breath in the thick, black smoke with which they were enveloped.

"This is Hell all right," he managed to gasp.

"That is the worst you will ever get," said Edestone. "It was noise that
I was after, and black powder makes it. Your experience would not have
been half so bad had the guns been loaded or had I used smokeless."

The ship which had trembled from stem to stern under the tremendous
concussion was floating now as quietly as a toy balloon, while the wind
was rolling up and pushing before it a great cloud of smoke which
obscured the sky. On all sides there was perfect stillness, broken only
now and again by the last explosion of gas caught in the cylinders of
the Taubes by the sudden stoppage of the engines. The airmen were
volplaning to earth as fast and as silently as they could.

"Well, that ought to hold them for a while," commented Lawrence in a
tone which showed that he was almost himself again.

"And make them a little bit more amenable to reason in the morning,"
added Edestone, and he laughed, for action with him always drove away
the blue devils.

"With that settled, too, we will just have time before turning in, to
inspect my quarters," he continued. "Tomorrow I will introduce you to
'Specs' and Captain Lee, and you can go with them at eleven o'clock on
their tour of official inspection. They will show you the fire drill,
the life-balloon drill, the gun drill, the kitchen, and the cows. But
now I want you to see a different side of the ship. We will look at my
quarters, then at my guest rooms, and finally at my royal suite or state
apartments as I call them."

He then took Lawrence through room after room, which were arranged in
the form of a horseshoe, starting on the port side with his breakfast
room, and working around to the starboard side with its opening toward
the stern of the ship.

On the port side were Edestone's apartments--living-room, library,
or den, bedroom, dressing-room, bath-room, and gymnasium. On the
starboard were a number of guest rooms arranged in suites of parlour,
bedroom, and bath, while at the crown of the arch was a large dining-room
in which fifty persons could sit down to dinner comfortably.

The centre of the horseshoe was the large room through which he had
passed, and like the general meeting room of a large country house was
filled with all known kinds of games--instruments and devices to amuse
that most unfortunate class of human beings who have no resources within
themselves, and must play some foolish game, or do some foolish puzzle
in order to get through the life which seems to hang so heavily on their

From this they passed to a lower deck about amidships, to a room about
eighty feet by one hundred and twenty feet, which extended the full
width of the ship and up three decks. At one end of this large and
handsome room was a raised platform arranged like the Speaker's desk in
the House of Representatives at Washington with the desks at lower
levels for stenographers, clerks, and attendants, while around the room
in concentric circles were large comfortable seats and desks, also like
a Senate Chamber, only more luxurious in appointments, as though it were
to receive a more distinguished body of men than the Senate of the
United States, if that were possible.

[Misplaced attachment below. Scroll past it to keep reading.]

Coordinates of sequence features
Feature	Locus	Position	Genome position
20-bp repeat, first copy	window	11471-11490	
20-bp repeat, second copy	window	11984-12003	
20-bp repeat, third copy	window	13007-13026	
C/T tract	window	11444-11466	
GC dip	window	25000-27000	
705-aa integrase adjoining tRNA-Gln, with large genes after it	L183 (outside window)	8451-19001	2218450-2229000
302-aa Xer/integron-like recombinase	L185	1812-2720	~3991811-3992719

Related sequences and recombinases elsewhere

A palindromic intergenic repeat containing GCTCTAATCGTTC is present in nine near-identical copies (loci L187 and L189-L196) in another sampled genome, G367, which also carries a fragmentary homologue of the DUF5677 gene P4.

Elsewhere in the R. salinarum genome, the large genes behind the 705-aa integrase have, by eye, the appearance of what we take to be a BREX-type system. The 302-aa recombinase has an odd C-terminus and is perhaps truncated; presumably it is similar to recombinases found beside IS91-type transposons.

"This," said Edestone, "is where I intend to hold my Peace Conference,
and when you see the names of the distinguished men who are to sit here,
and the apartments that I have arranged for them and their suites, you
will perhaps be glad to take your old position of room clerk."

Then after showing his companion through these magnificent "royal
suites," as he called them, all furnished and equipped in the most
sumptuous fashion, he suggested that they had better turn in.

"We will hope and pray for the best in the morning," he said, as he bade
Lawrence good-night.



The sun was streaming through the windows when Lawrence awoke the next
morning. The valet had come in shortly before to throw back the
curtains with a slam, and by moving about the room, slapping up shades
and dropping boots, make the usual noises of a well-trained valet at
that time of the morning.

"Mr. Edestone is already up, sir," he said when he saw that he had
succeeded in waking Lawrence, "and is having his breakfast in his own
apartments. Will you have yours here or will you go to the breakfast

"Breakfast room," elected Lawrence sleepily. "What time is it?"

"Eight o'clock, sir. What will you have for breakfast, sir?"

"Anything and eggs," said Lawrence, and was about to turn over and go to
sleep again when he realized where he was, and leaping out of bed to the
window in one bound stepped out into the _loggia_.

The Little Peace Maker had dropped down and was now only about a
thousand feet up; and when he looked down from his balcony, he could see
that she had changed her position so as to float exactly over the
Palace. It almost seemed to him as if he could step off and onto the
roof of this great pile of masonry. The airship, too, must have just
moved into this position, as was shown by the excited way in which the
little people below him were running away in every direction.

He had his bath, and hurriedly dressing went into the breakfast room,
where he found Edestone, who had finished his breakfast and was waiting
for him, while reading from a lot of slips of paper which he was turning
over in his hand. The master of the ship was dressed all in white and
looked refreshed after a good night's rest.

"Good-morning, Lawrence," he greeted him. "Did you sleep well?"

"Like a top."

"And how is your hand?"

"I had almost forgotten it, only I did get the dressings wet while
taking my bath, but that will give me an excuse for passing the time of
day with the doctors. How is your head?"

"Oh, that does not amount to anything," said Edestone. "It will be well